Two Undercover Angels (1969)
and Kiss Me, Monster (1969)
After finishing Succubus, Jess Franco was elated with
the performance of Janine Renaud, and decided to use her again, but in
a different genre. It occurred to him to make a detective comedy based
loosely on characters like Laurel and Hardy or Abbott and Costello,
but using women, with one of them being a classic dumb blonde, for
which role he recruited the Argentine actress Rosanna Yanni, with whom
he had always wanted to work. The idea seemed so good to him
that he decided to shoot two films back to back with essentially the
same crew, using the same leads playing the same characters. The two
films are often marketed as a single package called "Red Lips."
Two Undercover Angels (1969) is the first of the two comedies. IMDb lists it as El Caso de las dos bellezas, and it was called Sadist Erotica (against Franco's better judgment) in an early U.S. release. Renaud and Yanni play freelance detectives, although they seem to have connections to Interpol. It is never actually clear whom they work for, but their task is to get to the bottom of an epidemic of disappearing models and go-go dancers. As the detectives get deeper into the case, it is evident who is responsible: an artist and his werewolf-like assistant. But could it be that our girls are the real targets?
Kiss Me, Monster (1969) is the sequel. This time, Janine Renaud and Rossana Yanni have a nightclub act and hope to get to Vegas, but are also still in detective work. They are hired to get to the bottom of a secret society that is creating a race of supermen.
These are not the sorts of film I expect with Jess Franco at the helm, but are OK comedies, although the two women reminded me more of Maxwell Smart than Laurel and Hardy. IMDb comments are generally favorable, although several complained about the English dubbing, which was done by professional German voice actors. The first one is better because the plot in the second one is minimal, and most of the humor is supposed to come from a running gag where everyone gets a knife in the back just before they are to say something useful to the detectives. Jess Franco admits Kiss Me, Monster didn't do as well in the box office.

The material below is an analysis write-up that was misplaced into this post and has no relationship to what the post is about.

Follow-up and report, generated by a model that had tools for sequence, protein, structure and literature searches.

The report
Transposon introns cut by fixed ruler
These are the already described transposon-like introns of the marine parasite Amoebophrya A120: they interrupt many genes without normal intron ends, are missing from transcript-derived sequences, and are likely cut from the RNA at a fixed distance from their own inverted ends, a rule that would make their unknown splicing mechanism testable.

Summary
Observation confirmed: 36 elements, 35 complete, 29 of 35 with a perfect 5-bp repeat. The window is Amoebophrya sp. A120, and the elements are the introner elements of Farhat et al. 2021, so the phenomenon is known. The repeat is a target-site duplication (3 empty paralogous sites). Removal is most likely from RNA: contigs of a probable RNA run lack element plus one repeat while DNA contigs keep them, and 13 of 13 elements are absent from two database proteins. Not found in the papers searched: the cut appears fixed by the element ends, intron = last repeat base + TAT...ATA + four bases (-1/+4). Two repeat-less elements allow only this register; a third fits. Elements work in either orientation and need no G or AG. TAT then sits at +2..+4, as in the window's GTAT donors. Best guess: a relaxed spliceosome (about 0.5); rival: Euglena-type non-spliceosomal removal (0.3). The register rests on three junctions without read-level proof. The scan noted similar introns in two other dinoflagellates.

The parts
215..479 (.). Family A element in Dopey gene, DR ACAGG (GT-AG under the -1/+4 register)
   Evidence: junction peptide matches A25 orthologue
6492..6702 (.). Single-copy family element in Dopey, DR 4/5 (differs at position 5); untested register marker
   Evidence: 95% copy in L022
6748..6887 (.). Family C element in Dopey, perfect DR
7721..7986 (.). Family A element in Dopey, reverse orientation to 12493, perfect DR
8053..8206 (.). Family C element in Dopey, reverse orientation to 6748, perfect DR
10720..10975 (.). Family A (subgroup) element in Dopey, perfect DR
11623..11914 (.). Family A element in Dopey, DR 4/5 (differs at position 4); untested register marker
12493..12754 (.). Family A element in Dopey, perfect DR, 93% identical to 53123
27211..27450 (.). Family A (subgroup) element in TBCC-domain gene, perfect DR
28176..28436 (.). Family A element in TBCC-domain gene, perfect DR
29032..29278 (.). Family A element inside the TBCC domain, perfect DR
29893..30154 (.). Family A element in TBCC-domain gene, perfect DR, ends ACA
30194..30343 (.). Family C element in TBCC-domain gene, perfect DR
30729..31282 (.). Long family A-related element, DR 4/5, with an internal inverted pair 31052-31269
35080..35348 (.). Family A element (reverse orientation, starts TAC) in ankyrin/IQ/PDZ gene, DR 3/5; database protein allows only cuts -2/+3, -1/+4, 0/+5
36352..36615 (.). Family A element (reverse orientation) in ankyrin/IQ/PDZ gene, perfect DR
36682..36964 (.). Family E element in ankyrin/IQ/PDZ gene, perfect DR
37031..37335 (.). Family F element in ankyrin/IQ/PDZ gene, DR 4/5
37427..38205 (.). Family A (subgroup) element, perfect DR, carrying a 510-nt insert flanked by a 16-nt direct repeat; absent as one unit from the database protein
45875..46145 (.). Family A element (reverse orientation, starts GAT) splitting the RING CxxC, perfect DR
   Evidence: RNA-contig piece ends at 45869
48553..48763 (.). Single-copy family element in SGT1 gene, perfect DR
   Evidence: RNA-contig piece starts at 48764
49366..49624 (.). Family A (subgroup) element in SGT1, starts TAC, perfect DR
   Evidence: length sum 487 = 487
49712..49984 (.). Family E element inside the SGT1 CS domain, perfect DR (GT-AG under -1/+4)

Both films are available from Blue Underground in a two-disk package which sports decent transfers, trailers, and interviews with the eternally colorful and candid Jess Franco. In his commentary, Franco accuses his producers of being totally clueless about film, and frequently making bad decisions. He also mentions that neither the Spanish nor German producers liked either of these films, but changed their tunes when both made money. He also mentions that it was never his intention to make films for the masses, but is pleased that so many of the current generation seem to enjoy his work. The actual films may be mediocre but, on the basis of the fact that these are Franco's only comedies, and given the candid and amusing interviews, this boxed set is a must-own for Franco fans.
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